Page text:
Friday, May 15, 2015

sure to put off many



If ER Eddison ever did suffer the comprehension that I assigned to him two posts ago, that vitality is inhabiting the structure, then is he correct; a question that questions the word ‘inhabiting’: is the vitality inherent or is it interpreted? Interpreted. It’s too easy to find comments from people who either struggle with him* or else feel afraid that other readers won’t get him. “Most importantly, the reader must be prepared for the novel’s Elizabethan language,” says a Goodreads writer named Edward Butler. “Written in a style that is sure to put off many,” says Jesse at Speculition. “[I]t is written in sixteenth century English and requires effort to understand” -- from a writer at a website called Skulls in the Stars. What I learn from these reviews is that a person who has read Eddison will often worry that other people will not be able to imitate them. To read him is to have this fear: I am lonely.

He said he would rather be read over again by hundreds than once by thousands. With the words, “be prepared,” “requires effort,” the reviewer is recounting the danger of their own escape. They were nearly weeded out by the language but they made the required effort and got through. The trophy is this: they can write a review.


*“I kept having trouble getting into the rhythm of the forcibly archaic language,” from a Goodreads reviewer named Eero.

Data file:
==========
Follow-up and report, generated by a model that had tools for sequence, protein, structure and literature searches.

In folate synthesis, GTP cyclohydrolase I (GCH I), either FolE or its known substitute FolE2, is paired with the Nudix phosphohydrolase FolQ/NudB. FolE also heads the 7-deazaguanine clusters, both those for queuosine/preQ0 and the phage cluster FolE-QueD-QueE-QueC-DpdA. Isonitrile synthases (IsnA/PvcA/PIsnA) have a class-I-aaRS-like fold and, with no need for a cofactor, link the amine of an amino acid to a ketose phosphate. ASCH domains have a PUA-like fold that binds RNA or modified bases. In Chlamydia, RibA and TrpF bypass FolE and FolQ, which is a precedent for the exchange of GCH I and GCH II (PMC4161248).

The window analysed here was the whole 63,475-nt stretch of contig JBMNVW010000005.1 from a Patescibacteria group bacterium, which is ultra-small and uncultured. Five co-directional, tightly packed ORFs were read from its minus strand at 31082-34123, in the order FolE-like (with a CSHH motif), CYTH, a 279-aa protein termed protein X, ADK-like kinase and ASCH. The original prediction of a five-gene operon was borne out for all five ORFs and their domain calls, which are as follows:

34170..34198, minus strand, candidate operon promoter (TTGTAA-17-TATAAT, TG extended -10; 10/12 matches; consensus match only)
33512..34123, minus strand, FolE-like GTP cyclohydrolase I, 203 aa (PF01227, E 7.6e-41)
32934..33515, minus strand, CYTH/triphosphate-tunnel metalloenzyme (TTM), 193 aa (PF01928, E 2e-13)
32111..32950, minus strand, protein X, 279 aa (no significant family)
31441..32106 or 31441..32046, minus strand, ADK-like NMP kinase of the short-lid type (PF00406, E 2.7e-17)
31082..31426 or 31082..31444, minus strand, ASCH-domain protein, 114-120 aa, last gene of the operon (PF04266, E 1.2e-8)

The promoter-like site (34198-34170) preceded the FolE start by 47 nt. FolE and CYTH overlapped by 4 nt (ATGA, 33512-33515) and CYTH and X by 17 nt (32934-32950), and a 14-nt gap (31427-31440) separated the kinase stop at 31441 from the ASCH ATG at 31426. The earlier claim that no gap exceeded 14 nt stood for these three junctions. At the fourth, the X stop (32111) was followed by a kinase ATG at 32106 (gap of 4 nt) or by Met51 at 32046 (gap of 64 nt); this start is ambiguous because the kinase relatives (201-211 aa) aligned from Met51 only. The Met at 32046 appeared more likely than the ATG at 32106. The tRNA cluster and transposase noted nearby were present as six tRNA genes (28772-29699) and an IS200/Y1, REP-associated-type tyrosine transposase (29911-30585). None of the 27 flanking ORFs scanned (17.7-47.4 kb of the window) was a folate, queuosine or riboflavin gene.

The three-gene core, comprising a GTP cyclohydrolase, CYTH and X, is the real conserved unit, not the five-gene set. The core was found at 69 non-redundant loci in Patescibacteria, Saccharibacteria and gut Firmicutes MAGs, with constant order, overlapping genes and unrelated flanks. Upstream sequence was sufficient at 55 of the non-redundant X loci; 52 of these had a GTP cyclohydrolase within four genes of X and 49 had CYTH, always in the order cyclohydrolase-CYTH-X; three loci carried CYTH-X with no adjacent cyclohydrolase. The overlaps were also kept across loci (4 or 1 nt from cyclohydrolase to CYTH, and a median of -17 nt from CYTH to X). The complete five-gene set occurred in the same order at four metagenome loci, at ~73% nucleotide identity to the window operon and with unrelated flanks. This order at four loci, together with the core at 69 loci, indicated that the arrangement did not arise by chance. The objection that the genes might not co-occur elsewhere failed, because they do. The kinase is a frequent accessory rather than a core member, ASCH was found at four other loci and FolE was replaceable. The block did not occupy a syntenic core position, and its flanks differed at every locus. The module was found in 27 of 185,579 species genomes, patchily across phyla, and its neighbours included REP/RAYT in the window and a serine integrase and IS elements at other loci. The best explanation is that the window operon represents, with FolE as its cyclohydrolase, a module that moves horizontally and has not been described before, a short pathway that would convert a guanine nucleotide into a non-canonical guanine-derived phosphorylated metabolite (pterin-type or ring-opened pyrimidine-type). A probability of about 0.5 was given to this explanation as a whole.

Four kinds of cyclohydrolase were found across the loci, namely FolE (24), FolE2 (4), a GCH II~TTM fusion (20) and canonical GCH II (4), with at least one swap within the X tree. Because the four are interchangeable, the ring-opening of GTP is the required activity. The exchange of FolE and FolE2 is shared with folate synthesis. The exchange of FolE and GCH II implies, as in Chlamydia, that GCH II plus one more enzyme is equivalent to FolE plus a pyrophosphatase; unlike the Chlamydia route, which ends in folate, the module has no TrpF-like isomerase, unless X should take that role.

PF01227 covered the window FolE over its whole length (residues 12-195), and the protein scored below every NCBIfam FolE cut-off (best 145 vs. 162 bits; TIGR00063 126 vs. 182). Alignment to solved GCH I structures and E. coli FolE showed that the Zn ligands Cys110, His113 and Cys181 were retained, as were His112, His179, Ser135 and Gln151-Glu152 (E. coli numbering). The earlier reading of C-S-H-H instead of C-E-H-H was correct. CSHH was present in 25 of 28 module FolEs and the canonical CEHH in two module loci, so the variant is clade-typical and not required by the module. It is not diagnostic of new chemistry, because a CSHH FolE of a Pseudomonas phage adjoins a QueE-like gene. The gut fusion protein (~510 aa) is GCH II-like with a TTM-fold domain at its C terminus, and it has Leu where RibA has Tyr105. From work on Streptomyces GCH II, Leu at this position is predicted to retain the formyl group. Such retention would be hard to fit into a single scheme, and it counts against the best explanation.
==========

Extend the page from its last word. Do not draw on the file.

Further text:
11 comments:

  1. In a few years, I hope to be finally working on a novel that features a minor character who is a minor literary critic. I will try to keep this idea of a trophy in mind when I write his scenes. Look, you: proof of my accomplishment. Yes, that's pretty good.

    I keep thinking about your previous post, about how the sudden confluence of impressions seemed to have no connection with the words before you on the page. I don't know what to say about that, but it's interesting, the pulling together of ideas and memories and maybe not knowing what the catalyst was. You can point to Murnane, I guess, but maybe a different catalyst was already working on your imagination. I don't want to push the mind-as-chemical-reaction metaphor too hard.

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    1. Geoffrey Hill's idea of literature as vortex is useful to me here, even just the word, "vortex," not using it precisely as Hill does because the effect was probably unconscious on Murnane's part. (If Tamarisk Row had been a poem I'd be more hesitant about that "probably.")

      When you say "minor critics," are you thinking of something like T.S. Eliot's ideas about minorness? (Minority?) I like his way of incorporating the minors into the scheme of things, even if the compliment must feel so backhanded. Well done, you vital compost.

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    2. I think I mean "minor" in the sense that the critic in question has a low understanding of literature (so perhaps "small minded" rather than "minor") but comes equipped with an aggressive personality and an enthusiastic publisher. He will, maybe, mistake a German philosophical pamphlet about death with an argument about the uses of poetry. Not that that's a bad or useless idea, really. Huh.

      Anyway, when I say "minor critic" in general, I guess I mean perhaps minority opinion, or a lesser known critic. I am just now discovering Eliot. I had no idea he wrote such reams of stuff besides the poems.